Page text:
On Watching Emma

How has your past month gone?

It’s been a crazy one, dealing with this whole Coronavirus Covid-19 quarantine social distancing thing.

My gym shut down and then services shut down. The two types of activities that oriented my days, just evaporated. My romance writers’ group didn’t meet. In this brave new world, we are turning to virtual meetings, and I’m looking at services on line.

Now that I’m living like a hermit, I bought a new exercise machine the week things were getting shut down. I dragged out an old exercise mat and some free weights, creating my own home gym. I’m reading more books than usual, and my e-reader shows it through Overdrive, Barnes and Noble’s and Amazon.

I go out at most once or twice per week, and only for necessities.

So how is my writing going? It’s coming along. Austin and Natasha are hanging out, just watching as Helena’s book is taking shape. Her hero is Austin’s cousin Leon, so I’m enjoying seeing these two young men as they interact.

This past week or so, I learned from Twitter that there was a new movie adaptation of the Jane Austen book, Emma. That tells you how out of the loop I was. I last saw the Gwyneth Paltrow one. Apparently there was one that came out in 2009 besides the one that came out this year.

I’ve always enjoyed period pieces, Masterpiece Theater in particular. The costumes and clothes always appealed to me. So how might her work from 1815 be relevant to me today?  Austen was writing about elite English culture where standards of behavior were rigid. Courtship took place under very constrained circumstances.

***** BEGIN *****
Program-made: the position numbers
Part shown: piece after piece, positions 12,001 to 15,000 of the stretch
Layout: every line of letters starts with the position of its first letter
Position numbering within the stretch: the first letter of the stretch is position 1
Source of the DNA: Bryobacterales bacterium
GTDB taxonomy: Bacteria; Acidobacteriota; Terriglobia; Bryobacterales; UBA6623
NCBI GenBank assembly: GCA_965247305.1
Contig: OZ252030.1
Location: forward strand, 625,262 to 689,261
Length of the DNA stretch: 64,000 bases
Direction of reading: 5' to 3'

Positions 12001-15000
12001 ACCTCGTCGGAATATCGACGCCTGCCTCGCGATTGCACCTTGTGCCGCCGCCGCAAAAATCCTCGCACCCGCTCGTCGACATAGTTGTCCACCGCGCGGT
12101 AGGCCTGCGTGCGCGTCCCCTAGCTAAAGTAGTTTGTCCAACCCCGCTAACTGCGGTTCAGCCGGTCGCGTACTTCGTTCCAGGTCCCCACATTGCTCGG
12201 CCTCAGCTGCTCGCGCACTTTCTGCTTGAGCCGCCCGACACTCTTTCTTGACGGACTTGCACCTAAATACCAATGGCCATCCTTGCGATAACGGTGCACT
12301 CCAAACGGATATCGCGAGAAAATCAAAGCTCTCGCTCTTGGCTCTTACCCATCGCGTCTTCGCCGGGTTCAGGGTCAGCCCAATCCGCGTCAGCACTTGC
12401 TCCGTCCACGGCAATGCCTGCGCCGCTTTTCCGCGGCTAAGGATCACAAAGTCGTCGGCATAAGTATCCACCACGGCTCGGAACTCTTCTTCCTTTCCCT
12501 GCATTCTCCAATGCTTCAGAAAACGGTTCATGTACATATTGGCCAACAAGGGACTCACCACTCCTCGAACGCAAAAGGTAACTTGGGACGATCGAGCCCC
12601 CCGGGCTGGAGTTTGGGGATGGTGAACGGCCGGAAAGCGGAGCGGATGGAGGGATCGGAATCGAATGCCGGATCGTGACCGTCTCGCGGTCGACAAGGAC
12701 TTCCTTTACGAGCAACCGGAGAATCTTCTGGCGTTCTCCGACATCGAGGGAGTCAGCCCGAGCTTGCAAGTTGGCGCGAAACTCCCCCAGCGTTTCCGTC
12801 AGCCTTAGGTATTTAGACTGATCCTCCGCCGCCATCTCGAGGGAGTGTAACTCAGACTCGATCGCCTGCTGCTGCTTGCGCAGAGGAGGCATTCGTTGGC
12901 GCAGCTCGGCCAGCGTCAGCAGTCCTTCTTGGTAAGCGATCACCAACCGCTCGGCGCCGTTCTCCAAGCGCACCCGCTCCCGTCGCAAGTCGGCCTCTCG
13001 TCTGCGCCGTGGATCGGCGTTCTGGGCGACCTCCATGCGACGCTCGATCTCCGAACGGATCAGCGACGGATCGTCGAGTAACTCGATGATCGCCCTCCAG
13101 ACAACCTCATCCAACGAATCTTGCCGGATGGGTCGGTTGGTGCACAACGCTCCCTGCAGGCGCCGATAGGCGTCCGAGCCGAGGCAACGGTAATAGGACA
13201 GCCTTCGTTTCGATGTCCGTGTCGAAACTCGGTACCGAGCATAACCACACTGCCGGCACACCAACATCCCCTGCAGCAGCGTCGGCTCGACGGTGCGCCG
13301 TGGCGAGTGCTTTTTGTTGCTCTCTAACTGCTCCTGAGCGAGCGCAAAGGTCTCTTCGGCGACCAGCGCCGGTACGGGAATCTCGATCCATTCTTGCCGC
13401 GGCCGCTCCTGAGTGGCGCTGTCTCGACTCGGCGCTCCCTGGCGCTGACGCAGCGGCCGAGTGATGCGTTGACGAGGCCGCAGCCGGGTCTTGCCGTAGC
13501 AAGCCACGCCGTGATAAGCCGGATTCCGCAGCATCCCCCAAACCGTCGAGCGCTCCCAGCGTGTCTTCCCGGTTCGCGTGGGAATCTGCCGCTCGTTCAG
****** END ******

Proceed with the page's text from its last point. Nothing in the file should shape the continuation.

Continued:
In writing my inspirational romances, I’m pushing myself to do something similar to what Austen’s characters were dealing with. I wanted to see how the directors of both movies dealt with the couples experiencing an awakening sexual interest but with constraints placed upon them.

Mr. Knightley had always been the older brother/young uncle type to Emma, a neighbor and family friend sixteen years older. They were in and out of each other’s houses because of that neighborliness, but also because his brother was married to her sister. Her father was much older and eccentric, more removed from offering parental guidance.

Emma never imagined him as a love interest, but dedicated herself to finding matches for everyone else, until the point she realized her protegee was interested in Mr. Knightely himself. This was unfathomable to her. If anything, she was in love with him and should be his natural partner, due to their longstanding affection and connection.

As for Mr. Knightley, he had been interested in her for a long time, but he had been a mentor to her for so long, it seemed impossible for him to make the transition to becoming a love interest. Not only that, but Emma seemed attached to another man who wound up marrying another woman. It was at that point that he realized he had to put it out there and tell her exactly how he felt. And thus, the movie ended with their happily ever after.

The 2009 Emma was the best at demonstrating Emma and Mr. Knightley’s friendship and attraction. Their dance scene in particular was swoonworthy: link. The actors were well matched, with Emma as a young and immature 21 year old and Mr. Knightley as a sober and responsible older man looking out for her. He urged her to grow up and be better.

The 2020 Emma was better at presenting Mr. Knightley as a tormented man tortured by his unrequited love and seething over his rival. Yet, he didn’t appear to be sixteen years older, even though the actor’s real age matched: link. He had the look of a young rock star.

So returning to my writing, I have to think of my characters as starring in a movie. What is happening in their scenes? How are things moving forward? What are the emotional stakes at play? How are they handling their attraction?

Copyright Barbara James. All rights reserved.